The Beam resolution discusses at length Beam’s engagement of external advisors to advise on Beam India’s compliance approach. Reading between the lines, it appears that Beam’s external advisors spotted the risks of the conduct ultimately discovered, and that, had Beam implemented the advice of its advisor, it may have avoided a fine and public charges down the road. In other words, following such advice may have helped avoid liability.

On the flip side, the failure to act on such advice may be seen by DOJ as evidence of a willful and knowing failure to implement adequate controls.  Indeed, DOJ did just that here, and cited to this as a marker of the seriousness of the offense.  

Companies that are engaged in cross-border M&A would do well to work with their external advisors to evaluate and remediate risks in a reasonable manner.

(3)  The value of an ABC certification?

Certifications are an important tool in obtaining comfort that a third party or subsidiary is acting in compliance with relevant regulations or policies. The Beam Information charges that Beam India submitted certifications to Beam, but that those certifications falsely stated that Beam India management was “aware of their obligations under the [FCPA] and Anti-Bribery provisions.” Information ¶ 16. This case demonstrates that DOJ will assess the appropriate weight that should be given to certifications by their recipients against the backdrop of an entity’s known control environment and efforts to assess the accuracy of any such certifications.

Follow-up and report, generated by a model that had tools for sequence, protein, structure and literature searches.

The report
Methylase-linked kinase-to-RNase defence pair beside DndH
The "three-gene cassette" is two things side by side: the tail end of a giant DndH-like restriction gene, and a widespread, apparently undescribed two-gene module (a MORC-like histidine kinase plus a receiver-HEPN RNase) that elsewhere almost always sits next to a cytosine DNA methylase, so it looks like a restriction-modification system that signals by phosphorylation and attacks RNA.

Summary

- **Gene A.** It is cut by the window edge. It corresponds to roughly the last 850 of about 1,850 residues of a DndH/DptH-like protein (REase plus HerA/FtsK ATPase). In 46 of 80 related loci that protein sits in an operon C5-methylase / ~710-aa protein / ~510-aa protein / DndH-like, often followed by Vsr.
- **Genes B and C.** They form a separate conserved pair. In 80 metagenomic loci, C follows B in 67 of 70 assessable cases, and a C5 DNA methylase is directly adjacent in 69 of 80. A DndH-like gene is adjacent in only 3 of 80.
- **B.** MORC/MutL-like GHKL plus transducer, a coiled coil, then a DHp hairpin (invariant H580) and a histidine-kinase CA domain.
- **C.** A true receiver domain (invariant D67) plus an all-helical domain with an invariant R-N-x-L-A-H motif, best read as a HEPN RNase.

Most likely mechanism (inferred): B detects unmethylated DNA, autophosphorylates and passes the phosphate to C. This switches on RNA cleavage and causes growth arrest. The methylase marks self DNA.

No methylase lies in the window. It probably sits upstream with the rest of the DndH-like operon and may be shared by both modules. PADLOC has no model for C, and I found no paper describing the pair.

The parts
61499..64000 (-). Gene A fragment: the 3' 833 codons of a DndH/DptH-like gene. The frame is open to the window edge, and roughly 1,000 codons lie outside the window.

(4)  What is cooperation?

Beam did not receive voluntary disclosure credit because “it did not timely disclose” the conduct at issue to the DOJ and “a former Company employee sent an email to the Company, copying the U.S. and Indian governments, alerting them to ‘illegal cash transactions’ associated with the Company’s distributors in India.” DPA ¶ 4(a). Likewise, Beam did not receive full cooperation credit due to its “inconsistent and, at times, inadequate cooperation.” DPA ¶ 4(c). In addition, Beam did not receive full credit for remediation because Beam “failed to discipline certain individuals involved” in the alleged conduct. DPA ¶ 4(f). Even with these factors, the monetary penalty the DOJ levied on Beam included a 10% reduction from the bottom of the otherwise-applicable Sentencing Guidelines fine range under the FCPA’s Corporate Enforcement Policy. DPA ¶ 4(m). It remains to be seen how DOJ will apply the CEP going forward, but this resolution underscores that there can be benefits to cooperation, which may be applied on a sliding scale.